I realized a little while ago that I have some awesome friends who've turned their particular "maker" talents into some really awesome jobs. And I thought, hey, I bet the Instructables community would be interested in hearing how they did it! So I took some time to do some interviews, and this is the very first one. We closed the interview with a video of Paul taking us through an Instructable worthy process for casting molds.
Step 1: The Interview
I recently had the honor of speaking with designer Paul Alix in his Austin-based studio. Paul just finished work on the upcoming Predators movie as a 3D model maker and was able to share a few of his favorite moments from the job, as well as let us in on what’s on his drawing boards now.
How would you describe your job?
As a designer for hire, whatever it is you need done, I’m fairly certain I can do it, or find someone who can do it for me (for you).
How did you get into this line of work?
Circuitously, to be sure. There wasn’t anything like a straight path or a game plan that I followed. I went to school to be a comic book artist or at least an illustrator. And then I spent a long time not being that.
Was there a WOW moment that inspired you to pursue this?
Probably more hmmmm moments, like when I was in 7th grade and realized that you didn’t just have to draw still lifes, but could draw comic books. And when I was much older, standing on a stage in an empty theater in my boxers and a pair of kneepads thinking, this could be an interesting life.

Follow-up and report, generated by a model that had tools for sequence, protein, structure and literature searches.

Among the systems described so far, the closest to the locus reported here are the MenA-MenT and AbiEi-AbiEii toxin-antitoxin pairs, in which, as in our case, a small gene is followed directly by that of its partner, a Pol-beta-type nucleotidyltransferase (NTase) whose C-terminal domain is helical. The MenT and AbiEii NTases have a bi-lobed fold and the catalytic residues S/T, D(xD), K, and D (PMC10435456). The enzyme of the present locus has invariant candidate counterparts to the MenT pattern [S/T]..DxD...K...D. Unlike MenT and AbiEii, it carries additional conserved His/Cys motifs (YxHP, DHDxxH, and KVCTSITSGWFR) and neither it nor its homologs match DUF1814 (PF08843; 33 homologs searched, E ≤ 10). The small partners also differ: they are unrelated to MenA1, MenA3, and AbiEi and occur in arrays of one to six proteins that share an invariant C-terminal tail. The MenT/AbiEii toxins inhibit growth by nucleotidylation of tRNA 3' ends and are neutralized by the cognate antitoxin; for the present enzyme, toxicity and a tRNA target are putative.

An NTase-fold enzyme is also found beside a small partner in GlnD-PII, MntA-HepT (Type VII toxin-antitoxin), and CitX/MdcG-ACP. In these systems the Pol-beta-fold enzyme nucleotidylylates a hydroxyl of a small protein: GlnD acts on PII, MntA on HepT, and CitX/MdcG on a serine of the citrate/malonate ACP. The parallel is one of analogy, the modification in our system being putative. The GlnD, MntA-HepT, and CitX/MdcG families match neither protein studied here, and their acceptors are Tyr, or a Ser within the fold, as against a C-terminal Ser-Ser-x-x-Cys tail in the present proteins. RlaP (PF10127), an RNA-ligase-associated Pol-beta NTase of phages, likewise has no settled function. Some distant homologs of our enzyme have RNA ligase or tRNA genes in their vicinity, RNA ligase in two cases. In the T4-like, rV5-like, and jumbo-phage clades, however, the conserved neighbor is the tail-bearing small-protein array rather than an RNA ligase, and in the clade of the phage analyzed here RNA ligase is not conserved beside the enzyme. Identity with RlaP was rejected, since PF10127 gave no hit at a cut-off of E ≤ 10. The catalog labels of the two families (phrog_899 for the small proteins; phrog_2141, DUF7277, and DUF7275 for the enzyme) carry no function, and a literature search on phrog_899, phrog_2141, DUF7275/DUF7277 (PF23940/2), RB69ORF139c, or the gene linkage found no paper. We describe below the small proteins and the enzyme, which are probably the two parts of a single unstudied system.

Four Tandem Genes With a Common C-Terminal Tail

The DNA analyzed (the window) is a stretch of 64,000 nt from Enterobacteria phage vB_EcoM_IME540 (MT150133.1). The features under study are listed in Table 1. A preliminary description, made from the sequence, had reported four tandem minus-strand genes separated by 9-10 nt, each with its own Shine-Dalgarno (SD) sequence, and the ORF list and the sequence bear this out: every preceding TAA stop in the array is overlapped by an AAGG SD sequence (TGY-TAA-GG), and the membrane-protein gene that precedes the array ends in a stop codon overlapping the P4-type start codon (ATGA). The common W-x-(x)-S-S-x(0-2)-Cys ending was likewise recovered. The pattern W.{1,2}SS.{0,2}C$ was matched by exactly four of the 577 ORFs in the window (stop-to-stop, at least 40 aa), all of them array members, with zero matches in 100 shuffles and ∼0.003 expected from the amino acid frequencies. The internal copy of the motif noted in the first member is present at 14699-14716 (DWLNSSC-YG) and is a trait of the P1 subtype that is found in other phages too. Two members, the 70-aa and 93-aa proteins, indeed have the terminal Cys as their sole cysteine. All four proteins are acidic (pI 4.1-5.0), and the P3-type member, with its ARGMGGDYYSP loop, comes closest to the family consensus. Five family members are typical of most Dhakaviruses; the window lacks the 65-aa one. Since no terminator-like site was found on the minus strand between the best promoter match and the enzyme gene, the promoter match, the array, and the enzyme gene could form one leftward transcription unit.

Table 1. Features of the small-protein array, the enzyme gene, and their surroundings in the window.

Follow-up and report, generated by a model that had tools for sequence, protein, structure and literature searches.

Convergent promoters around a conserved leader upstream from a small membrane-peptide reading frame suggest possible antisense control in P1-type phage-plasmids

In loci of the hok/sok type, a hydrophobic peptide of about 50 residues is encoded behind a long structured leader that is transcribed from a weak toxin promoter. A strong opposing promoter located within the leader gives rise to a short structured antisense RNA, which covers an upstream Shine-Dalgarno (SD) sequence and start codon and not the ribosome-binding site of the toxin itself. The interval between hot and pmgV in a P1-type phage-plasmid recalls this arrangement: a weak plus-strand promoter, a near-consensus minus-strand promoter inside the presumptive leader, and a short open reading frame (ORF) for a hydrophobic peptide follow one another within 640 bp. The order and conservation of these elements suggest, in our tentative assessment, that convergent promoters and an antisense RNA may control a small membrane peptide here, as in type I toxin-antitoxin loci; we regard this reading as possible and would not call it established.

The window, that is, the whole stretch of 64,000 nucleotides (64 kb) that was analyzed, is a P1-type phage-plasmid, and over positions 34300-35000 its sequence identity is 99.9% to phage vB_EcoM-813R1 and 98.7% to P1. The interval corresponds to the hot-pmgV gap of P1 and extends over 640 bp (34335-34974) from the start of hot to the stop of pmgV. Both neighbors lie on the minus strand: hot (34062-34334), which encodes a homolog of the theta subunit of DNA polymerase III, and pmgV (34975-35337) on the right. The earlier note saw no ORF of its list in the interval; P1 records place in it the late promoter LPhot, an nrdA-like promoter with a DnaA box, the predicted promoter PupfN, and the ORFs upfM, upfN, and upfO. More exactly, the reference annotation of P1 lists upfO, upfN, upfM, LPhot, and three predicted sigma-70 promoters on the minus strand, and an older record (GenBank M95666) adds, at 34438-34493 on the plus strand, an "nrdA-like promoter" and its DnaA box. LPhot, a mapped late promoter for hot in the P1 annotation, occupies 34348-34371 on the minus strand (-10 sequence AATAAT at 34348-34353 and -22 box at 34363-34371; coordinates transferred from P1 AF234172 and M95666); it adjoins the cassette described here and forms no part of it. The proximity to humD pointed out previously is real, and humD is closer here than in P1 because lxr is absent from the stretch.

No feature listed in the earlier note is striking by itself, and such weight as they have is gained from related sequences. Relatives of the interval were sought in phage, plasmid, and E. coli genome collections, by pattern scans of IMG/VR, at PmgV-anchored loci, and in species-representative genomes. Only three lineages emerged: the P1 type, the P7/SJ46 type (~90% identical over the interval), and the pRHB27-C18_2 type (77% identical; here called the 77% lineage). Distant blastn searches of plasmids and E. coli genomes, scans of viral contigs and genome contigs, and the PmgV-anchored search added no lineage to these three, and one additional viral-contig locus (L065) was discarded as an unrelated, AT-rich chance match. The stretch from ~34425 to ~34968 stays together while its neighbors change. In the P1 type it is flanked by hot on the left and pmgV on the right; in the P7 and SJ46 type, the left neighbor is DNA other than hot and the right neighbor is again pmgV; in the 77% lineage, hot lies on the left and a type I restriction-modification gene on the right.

What's the best job you've ever had? The worst?
You know, I think best and worst are tough to quantify.
Had I never spent the years that I spent at Kinko’s, I would’ve never learned all the stuff I know about computers, or printing and presentations, and that stuff has been very useful to me.
Had I never worked in the cardboard box factory, I would never have realized what I was physically capable of doing. I will never go hungry, my family will never be in need, because I can work twelve hour days sweating my butt off.
As weird as that all sounds it is a comforting thought when your savings are running low and there are no design jobs on the horizon.
How did you get hired on to the set of Predators?
I’m sure this is frustrating to hear (cause it would frustrate me) but I was in the right place at the right time and met the right guy, knew who he was and that I would want to work for him. He was nice enough to invite me to interview without seeing any of my work, based solely on the recommendation of an old professor of mine. There is a lot more to it than that, but I don’t want anyone to think that I followed some well conceived plan, I just got a lucky break.
Describe your first day on set.
I was originally brought on to do some drafting and to help run a CNC machine, so the first day was being given a manual and told to, “learn this program.” Then I sat in a room and learned it as fast as I could, hoping no one was going to come in and tell me I was too slow and please leave.
How did you move from CNC operator to 3D Model Maker?
I had my sketch book with me and had it laying out. The guy I was working for flipped through it while he was checking in on me. The next day he told me that he had an epiphany and that I needed to start creating some artwork to hang on the shot wall (a wall where pretty much the whole movie was laid out). So I got a script and started doing what we called "key frames."